In my garden I have planted to encourage butterflies, bees and birds to enjoy and pollinate. At this time of the year it is important to keep food sources plentiful for these wonderful creatures. Black-eyed Susan’s start blooming in late July and continue all fall in my garden in Zone 5.
Most common of the Black Eyed Susan’s is Rudbeckia fulgida ‘Goldstrum’. If happy, I find it seems to reappear in new areas of my garden as if by design. Remember when your pollinators are busy plants appear where they are most happy. If you don’t want this you will need to pull them out. These look best when planted in masses or drifts. Leave the seed heads and the birds will love you! Hardy to Zone 4.
Rudbeckia hirta like most of the Rudbeckias are herbaceous perennials and is happy in Zone 3 to 7. It blooms from June to September with yellow or orange yellow rays and dark brown centers. The leaves are a little rough and hairy giving a nice contrast in the perennial border. It loves full sun and medium water. It will naturalize! That means spread!
Rudbeckia fulgida var. ‘Deam’s coneflower’ has large daisy like flower heads in yellow or orange petals (rays) with a dark center. It tolerates either full sun to partial shade. Have clay soil, you’re good to go with this variety and for the most part all in this category.
Problems with deer? Then Black-eyed Susan’s are for you as deer typically don’t touch them. BUT!!!! when hungry deer will eat anything! Forewarned!
Indian Summer is drought tolerant but don’t think the bunnies aren’t interested! This summer I have been battling with these determined guys. Winter hardy to Zones 3-7. All Black-eyed Susan’s need full sun and well-drained soils. I find that deadheading spent flowers helps prolong bloom time and encourage additional blooms. Given a spot they love they will self-seed. They have daisy like flower heads that appeal to butterflies. The flower heads are huge and add bold, stunning color to borders.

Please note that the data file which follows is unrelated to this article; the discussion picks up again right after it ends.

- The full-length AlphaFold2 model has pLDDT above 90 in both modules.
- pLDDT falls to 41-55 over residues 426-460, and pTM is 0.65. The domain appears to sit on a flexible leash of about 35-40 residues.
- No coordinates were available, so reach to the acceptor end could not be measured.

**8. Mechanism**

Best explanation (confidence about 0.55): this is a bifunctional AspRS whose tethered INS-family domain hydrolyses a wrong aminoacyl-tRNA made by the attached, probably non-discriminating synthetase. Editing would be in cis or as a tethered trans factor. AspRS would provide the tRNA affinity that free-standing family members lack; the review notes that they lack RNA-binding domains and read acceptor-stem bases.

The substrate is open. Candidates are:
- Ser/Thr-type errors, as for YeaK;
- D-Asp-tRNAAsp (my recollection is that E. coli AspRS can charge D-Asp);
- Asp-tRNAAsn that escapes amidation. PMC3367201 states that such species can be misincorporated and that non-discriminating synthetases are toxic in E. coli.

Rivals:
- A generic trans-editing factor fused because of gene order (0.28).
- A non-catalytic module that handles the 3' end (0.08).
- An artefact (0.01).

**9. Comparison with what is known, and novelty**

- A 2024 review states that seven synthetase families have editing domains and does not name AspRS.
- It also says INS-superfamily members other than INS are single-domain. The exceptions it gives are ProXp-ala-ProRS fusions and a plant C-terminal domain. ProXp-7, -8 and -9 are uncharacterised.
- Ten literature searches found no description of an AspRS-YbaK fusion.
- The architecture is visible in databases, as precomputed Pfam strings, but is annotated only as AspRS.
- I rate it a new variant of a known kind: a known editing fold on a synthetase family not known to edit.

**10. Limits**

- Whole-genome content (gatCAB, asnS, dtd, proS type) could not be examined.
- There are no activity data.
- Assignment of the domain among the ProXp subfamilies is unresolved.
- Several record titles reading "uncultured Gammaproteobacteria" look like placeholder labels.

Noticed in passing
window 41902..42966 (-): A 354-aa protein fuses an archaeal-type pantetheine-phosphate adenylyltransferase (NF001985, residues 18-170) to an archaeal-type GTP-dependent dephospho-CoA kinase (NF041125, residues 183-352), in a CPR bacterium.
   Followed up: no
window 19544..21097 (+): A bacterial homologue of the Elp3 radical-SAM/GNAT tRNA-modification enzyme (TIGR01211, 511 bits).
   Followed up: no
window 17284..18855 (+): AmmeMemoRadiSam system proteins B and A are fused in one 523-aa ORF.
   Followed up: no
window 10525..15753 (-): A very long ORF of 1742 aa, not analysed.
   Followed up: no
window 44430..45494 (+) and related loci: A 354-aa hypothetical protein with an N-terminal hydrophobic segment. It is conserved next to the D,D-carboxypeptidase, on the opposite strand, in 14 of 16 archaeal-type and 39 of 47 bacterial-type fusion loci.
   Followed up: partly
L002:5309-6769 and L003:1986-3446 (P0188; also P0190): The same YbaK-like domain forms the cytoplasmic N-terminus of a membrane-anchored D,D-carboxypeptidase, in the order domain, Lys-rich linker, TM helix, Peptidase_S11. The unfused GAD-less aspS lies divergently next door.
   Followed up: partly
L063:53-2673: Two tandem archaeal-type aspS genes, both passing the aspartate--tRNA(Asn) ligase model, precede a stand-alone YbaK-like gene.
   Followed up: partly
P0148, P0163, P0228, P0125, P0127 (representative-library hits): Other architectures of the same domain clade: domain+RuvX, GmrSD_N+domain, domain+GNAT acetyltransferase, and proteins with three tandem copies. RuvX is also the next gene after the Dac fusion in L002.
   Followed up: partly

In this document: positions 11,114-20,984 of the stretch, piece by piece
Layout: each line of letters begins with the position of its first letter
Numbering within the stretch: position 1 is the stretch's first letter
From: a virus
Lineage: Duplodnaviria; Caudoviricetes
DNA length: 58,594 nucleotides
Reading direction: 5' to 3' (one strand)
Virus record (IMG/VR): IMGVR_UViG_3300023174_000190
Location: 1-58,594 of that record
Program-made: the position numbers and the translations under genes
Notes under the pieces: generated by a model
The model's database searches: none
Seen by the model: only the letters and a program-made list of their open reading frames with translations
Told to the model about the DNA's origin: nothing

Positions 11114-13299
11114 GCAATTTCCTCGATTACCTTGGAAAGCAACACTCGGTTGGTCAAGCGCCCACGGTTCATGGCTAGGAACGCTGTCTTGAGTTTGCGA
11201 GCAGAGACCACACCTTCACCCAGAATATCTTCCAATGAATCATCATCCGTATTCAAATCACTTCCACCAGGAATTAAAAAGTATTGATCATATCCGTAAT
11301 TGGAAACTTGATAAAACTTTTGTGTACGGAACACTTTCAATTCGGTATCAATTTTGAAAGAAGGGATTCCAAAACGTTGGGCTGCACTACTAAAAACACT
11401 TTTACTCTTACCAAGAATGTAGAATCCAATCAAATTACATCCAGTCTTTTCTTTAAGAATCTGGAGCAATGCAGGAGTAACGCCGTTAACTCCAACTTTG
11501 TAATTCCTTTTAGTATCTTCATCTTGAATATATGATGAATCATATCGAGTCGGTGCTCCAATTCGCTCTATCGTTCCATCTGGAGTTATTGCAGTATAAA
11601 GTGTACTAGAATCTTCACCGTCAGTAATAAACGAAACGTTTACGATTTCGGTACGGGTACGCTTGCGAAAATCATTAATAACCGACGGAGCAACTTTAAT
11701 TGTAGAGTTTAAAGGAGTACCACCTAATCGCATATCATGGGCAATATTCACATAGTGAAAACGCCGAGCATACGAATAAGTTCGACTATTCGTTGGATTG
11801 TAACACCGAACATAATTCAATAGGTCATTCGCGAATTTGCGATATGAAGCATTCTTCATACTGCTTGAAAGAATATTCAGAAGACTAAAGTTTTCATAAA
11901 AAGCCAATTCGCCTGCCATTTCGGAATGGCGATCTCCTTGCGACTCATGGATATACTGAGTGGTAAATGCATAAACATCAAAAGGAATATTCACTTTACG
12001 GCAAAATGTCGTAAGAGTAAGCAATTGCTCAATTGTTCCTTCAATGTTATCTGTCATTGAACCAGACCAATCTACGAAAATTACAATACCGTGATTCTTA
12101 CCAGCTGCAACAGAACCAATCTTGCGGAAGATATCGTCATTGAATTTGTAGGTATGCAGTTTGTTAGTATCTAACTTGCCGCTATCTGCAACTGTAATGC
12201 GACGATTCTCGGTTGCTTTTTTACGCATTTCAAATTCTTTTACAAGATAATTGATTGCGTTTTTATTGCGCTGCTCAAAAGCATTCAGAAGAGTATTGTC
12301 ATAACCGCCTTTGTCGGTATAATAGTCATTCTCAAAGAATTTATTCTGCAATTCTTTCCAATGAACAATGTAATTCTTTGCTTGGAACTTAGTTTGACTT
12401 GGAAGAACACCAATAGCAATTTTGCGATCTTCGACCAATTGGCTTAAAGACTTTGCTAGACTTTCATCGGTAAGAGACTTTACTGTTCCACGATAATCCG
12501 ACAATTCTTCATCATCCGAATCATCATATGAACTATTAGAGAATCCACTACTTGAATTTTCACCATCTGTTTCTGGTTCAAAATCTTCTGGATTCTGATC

Black-eyed Susan’s are sometimes called Gloriosa Daisy.
Rudbeckia ‘Herbstsonne’ is a tall beauty and one of my favorites and this summer a favorite of my local bunnies! It can grow up to 7′ tall so I use it in the back of the border and support it. It starts blooming in June and goes all summer. It loves well drained soil in full sun. The large daisy like flowers having drooping petals (rays) with bright green center cones.
Rudbeckia subtomentosa ‘Henry Eilers’ prefers medium moisture, well-drained soils in full sun. Deadheading here also helps encourage additional blooms. It typically grows 3-5′ tall so I use it in the back of the border to showcase smaller plants. It has stiff, upright leafy stems that hold these blooms straight and tall. I prefer to support all of my very tall plants with decorative supports. The rays are rolled unlike the typical Black-eyed Susan’s so it has a quilled effect. The flowers bloom in clusters starting in July and lastly all the way thru September.
What pairs with these late summer gems? Well I love purples so in my garden I have Agastache Blue Boa, Russian Sage, Liatris, Daylilies, Phlox, Nepeta and Dahlias. In one bed I have paired it with “hot” colors like red and orange daylilies and Dahlias as well as Red Persicaria.
What combinations do you love with Black-Eyed Susan’s?